When considering how to publish your book and the pluses and minuses of various approaches, be sure to plan for how you will promote your book. Yes, how you will promote it. Publishers expect the author to promote and sell the book. If you run into a Web site or self-publishing organization that says it handles promotion, be extremely skeptical before you spend a lot of money for very little return.

            Because of movies and other fantasies, many authors believe that promotion of their book – leading to big sales and lots of money – somehow comes from the publisher. That is not how publishing works. Authors think the publisher will set up bookstore signings that will translate into numerous sales; arrange promotional tours that will have people hungering to buy the book; schedule radio and TV programs where authors talk about their books. Books can be promoted in these ways—but it is the authors themselves who do so, for example by signing on with a publicist. But the effectiveness of these promotions is at best uncertain.

Think about this: selling and promoting your book is really promoting you and your professional work.  Books that sell large numbers—which are often ghostwritten with celebrities’ names on them—do so because they have a built-in audience. For example, Bill O’Reilly has two books on the best-seller list—which he promotes every night on his show, which is viewed by millions of fans. O’Reilly has no trouble selling his books. If a well-known media figure’s name appears on a book, and that person promotes the book to his or her media audience, then a lot of fans will likely buy the book. But that applies to celebrities, not to authors in general.

            One big reason that publishers give advances to authors is to give the authors money that the authors will spend on promotion. A seasoned author who has produced several books might receive an advance as large as $10,000—which the publisher expects will all be spent on promotion.  But $10,000 barely makes a dent in today’s media environment, where there are so many communication channels, all with different requirements, and so many people out there trying to get other people to pay attention to their message.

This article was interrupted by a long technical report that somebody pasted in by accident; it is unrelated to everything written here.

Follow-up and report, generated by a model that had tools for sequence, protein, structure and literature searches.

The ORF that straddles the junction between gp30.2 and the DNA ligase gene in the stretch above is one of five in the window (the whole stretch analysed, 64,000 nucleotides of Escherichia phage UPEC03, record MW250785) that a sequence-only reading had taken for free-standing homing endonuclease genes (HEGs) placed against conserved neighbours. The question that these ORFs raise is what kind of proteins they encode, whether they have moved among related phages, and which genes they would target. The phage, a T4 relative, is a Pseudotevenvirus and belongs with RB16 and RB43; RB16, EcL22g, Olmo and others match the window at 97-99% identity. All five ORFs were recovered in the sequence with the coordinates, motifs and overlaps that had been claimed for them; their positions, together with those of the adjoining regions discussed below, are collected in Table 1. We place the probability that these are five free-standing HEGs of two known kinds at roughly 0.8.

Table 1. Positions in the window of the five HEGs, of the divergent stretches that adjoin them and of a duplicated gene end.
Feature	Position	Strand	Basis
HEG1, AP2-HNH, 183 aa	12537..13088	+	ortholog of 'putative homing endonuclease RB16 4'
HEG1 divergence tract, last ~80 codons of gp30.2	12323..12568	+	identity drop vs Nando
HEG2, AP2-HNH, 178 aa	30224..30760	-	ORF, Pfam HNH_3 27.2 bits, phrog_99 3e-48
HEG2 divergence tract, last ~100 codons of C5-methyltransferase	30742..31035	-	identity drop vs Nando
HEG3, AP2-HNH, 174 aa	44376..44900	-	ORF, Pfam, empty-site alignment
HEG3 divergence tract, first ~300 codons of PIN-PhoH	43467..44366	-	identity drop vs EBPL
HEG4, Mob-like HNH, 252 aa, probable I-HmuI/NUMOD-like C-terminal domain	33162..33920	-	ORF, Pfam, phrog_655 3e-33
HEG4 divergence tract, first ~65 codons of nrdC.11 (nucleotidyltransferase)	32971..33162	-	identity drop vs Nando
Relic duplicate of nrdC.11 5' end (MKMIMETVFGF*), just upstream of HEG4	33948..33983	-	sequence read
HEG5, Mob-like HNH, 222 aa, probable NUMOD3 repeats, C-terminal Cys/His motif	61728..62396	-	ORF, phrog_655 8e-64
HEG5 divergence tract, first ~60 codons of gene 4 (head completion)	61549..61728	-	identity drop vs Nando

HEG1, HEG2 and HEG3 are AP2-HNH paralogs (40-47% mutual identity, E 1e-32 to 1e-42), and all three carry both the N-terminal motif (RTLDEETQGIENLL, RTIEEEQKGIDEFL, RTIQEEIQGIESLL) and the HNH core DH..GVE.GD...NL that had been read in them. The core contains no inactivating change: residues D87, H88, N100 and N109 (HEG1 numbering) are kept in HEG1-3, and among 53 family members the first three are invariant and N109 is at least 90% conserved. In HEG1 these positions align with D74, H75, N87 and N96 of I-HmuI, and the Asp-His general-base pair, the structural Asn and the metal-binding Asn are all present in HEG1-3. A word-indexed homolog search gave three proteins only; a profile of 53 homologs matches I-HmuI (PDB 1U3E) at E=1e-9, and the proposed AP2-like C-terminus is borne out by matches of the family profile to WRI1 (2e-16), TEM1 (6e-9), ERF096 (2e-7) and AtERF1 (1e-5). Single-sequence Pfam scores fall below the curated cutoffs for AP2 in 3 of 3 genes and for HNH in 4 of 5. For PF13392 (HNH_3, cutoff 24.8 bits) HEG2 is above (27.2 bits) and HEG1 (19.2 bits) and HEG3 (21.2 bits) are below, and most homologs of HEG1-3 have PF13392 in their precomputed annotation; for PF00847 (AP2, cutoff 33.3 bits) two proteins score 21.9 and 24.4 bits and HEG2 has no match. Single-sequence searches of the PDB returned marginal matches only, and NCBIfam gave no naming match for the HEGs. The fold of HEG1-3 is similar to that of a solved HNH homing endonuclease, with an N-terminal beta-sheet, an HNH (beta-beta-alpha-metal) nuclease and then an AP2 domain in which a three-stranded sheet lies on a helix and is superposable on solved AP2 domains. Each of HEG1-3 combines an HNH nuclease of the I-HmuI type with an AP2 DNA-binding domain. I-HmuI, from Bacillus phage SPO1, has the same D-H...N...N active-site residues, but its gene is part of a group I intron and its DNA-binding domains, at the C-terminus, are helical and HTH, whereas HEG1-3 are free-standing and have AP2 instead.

Ask yourself: how many non-celebrity authors’ books have you heard about and become interested in during the last week? The last month? The last year?  There is far too much clutter for most books and most authors to pierce.

            So, you may be thinking, why not just hire a publicist? As noted, some authors do, and there are plenty of publicists willing and ready to take your money. If you want to try self-promotion using a publicist, there are hundreds and hundreds from whom to choose. Here is a web site that may help you, with an alphabetical (and partial) list of publicists and information on what sorts of services each offers. Contact many of them to find out their rates and details of their services. None will “guarantee” book sales, although many of them will be able to get you some appearances in various media—notably Internet media and possibly local radio, a medium with a huge amount of air time to fill and an unending appetite for interview guests.

            Co-publishing with Ronin will not relieve you of the need to promote your book—as noted, all publishers expect the author to push the book. But Ronin has tools that will put you ahead of the game in promoting your work. If we co-publish your book, we will give you access to a series of promotional tools created by our distributor, which is  the leading book sales and distribution company in the United States—and a company that has more than 40 years of experience in book marketing and sales. These user-friendly tools, which you can easily learn to use, will help you cut through the clutter and get your message out to your audience. You will design the promotions yourself, and they will look professional, even elegant, thanks to these special, proprietary tools—to which no self-publisher can provide access.

            If you think you may have a Ronin Publishing book in one of our fields of specialization, contact us. We focus on self-help, medicine, life skills (with attitude), spirituality, psychedelia, and a “fringe series” of unusual and offbeat topics, such as ghost hunting and underground comics. Send a query for more information about co-publishing with Ronin.